A nameplate that reads “Mom Boss” sits on the desk of Michigan state Sen. Stephanie Chang’s basement office in the capitol building in Lansing. Around it sit framed photos of her daughters.
When Chang began her term in the Michigan House in 2015, she was pregnant, and then again when she started her term in the Michigan Senate in 2018. In her official role, she’s the Minority Floor Leader for the Democrats. Unofficially, she’s branded herself a #mommylegislator.
Before this year, Chang was the only woman in the 184-year history of the Michigan State Senate to give birth during her term.
“I know it sounds crazy, but we did actually try to time it to have her during the summer recess because we knew that the legislative work would be lighter at that time,” says Chang talking about the birth of her first daughter.
After her first baby, Chang took five weeks off. She says it’s been a challenge balancing motherhood and her job as a legislator, but she’s felt mostly supported by her constituents and colleagues in the legislature.
Seven weeks ago, state Sen. Mallory McMorrow became the second woman to give birth while serving in the state Senate.
Like many parents, McMorrow planned to take time off with her new daughter Noa, but she was surprised to find that she didn’t qualify for the 12 weeks of paid time off that the more than 49,000 Michigan state employees began receiving in 2020.
Because McMorrow isn’t an employee of the state of Michigan – rather an elected official whose pay is written into the state constitution — she doesn’t qualify for parental leave. In Michigan, there is no actual parental leave policy for state legislators.
Lawmakers, technically speaking, can take as much or as little time off as they want. The catch: They miss votes, both in committee and on the floor and Michigan is one of about 20% of states that serves on a full-time basis. Aside from a short summer recess, lawmakers work the entire year.
McMorrow, who became a lawmaker after time in the auto and advertising industries, says the lack of a leave policy in the legislature is archaic, even in comparison to the male-dominated industries she came from.
“The rules of the institution, that people hear about all the time, are arbitrary. And they are clearly set up by men who don’t have those shared responsibilities,” says McMorrow. “It’s either been their wives who have stayed home with kids, or their grandkids, and they just haven’t had to think about it.”
McMorrow says under the current conditions in the legislature, she doesn’t feel supported as a working mom.
“I can’t vote remotely. I can’t proxy vote. I have to physically go to Lansing. And I have a newborn who naps for 20 minutes, and then is up again and ready to eat and be changed.”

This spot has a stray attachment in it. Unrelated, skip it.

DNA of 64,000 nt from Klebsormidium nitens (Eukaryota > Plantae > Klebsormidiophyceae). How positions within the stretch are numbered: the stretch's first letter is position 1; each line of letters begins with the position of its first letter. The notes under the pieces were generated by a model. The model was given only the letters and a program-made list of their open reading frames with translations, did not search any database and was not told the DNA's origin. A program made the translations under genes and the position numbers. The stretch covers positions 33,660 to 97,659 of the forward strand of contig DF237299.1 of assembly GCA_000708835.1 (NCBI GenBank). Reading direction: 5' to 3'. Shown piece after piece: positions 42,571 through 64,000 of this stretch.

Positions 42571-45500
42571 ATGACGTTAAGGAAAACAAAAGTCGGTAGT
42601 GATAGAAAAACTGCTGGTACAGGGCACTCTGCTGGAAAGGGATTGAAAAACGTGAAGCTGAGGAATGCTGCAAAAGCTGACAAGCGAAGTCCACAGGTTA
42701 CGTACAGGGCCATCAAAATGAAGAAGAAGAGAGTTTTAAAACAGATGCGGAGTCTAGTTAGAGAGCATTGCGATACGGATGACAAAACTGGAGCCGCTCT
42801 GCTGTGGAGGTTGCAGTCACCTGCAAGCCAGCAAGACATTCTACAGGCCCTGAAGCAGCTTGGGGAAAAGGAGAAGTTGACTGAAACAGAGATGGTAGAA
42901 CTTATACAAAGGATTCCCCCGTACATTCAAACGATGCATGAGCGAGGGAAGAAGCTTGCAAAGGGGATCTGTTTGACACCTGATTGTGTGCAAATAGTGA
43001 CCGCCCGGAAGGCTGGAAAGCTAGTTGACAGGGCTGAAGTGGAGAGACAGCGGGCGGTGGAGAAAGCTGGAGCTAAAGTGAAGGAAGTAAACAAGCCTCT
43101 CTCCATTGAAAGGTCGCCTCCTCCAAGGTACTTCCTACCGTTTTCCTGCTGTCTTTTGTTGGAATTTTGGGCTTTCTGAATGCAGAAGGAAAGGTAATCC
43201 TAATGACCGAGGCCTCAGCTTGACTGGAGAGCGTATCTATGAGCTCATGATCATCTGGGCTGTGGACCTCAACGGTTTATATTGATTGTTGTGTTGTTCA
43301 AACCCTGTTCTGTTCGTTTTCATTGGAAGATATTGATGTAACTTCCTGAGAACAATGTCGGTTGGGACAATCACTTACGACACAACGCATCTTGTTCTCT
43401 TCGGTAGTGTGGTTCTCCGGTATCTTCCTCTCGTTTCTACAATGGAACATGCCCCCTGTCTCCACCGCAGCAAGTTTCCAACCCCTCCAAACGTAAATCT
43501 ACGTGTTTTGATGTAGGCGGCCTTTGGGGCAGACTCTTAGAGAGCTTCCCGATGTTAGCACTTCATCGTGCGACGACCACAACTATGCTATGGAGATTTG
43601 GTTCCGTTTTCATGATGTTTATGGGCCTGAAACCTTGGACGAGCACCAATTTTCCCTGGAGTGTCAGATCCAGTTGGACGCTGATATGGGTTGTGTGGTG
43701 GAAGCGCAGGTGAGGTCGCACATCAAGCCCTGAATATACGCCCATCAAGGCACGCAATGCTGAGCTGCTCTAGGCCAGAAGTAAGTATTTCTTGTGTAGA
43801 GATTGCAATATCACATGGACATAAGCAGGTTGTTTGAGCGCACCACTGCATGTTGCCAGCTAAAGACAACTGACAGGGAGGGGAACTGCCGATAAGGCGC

She says it’s a version of the conversation she’s had with women executives and friends that “women can have it all, but not all at once.”
Options for remote participation need to be instituted, McMorrow says, or at the very least, a leave policy needs to be codified.
“Are we comfortable with the idea that we don’t want working moms in the legislature? Because that’s the message unless we change the system,” she says.
It’s not just Michigan. There’s no set policy for parental leave in place or mechanism to participate in committees or session remotely for full-time lawmakers in Ohio. And while there are temporary provisions for remote participation in Pennsylvania this year — there isn’t a policy in place there either.
These conversations about parental leave policies are new, according to Jean Sinzdak, the Associate Director of the Center for American Women and Politics at Rutgers University. One of the reasons: Three-quarters of all elected officials are still men.
In Michigan, according to CAWP, women make up nearly 36% of the state legislature. Historically, women have waited until after children are grown to run for office because of constraints like childcare.
“When you do not have policies in place that level the playing field and make it easier for people to participate, it naturally continues the institutionalization of the barriers … that people just can’t get over those hurdles,” says Sinzdak.
But she says things are changing. Concerns about parental leave policies are being raised for the first time in many places after wave elections in 2018 and 2020 when women like McMorrow and Chang were elected.
Women in state legislatures are no longer subject to superlatives like the “first” or “the only.”
“Now we’re getting to a point where [there’s] a little bit more of a groundswell among the women who were serving, but also younger women who were just not willing to put up with it as it is. They’re willing to disrupt, and to ask those questions [and] say, ‘Wait a minute, why do we do it this way? Can we think of alternatives? How come we can’t get parental leave?’ or whatever the issue is,” says Sinzdak.
McMorrow says she plans to introduce legislation to facilitate remote participation for instances where lawmakers may need to be absent like maternity leave, caretaking, or obligations as active-duty military.
Whether that’s by remote or proxy voting, she’s not sure yet. For now, she’s taking the remainder of her 12 weeks to be with Noa, whether it’s official or not.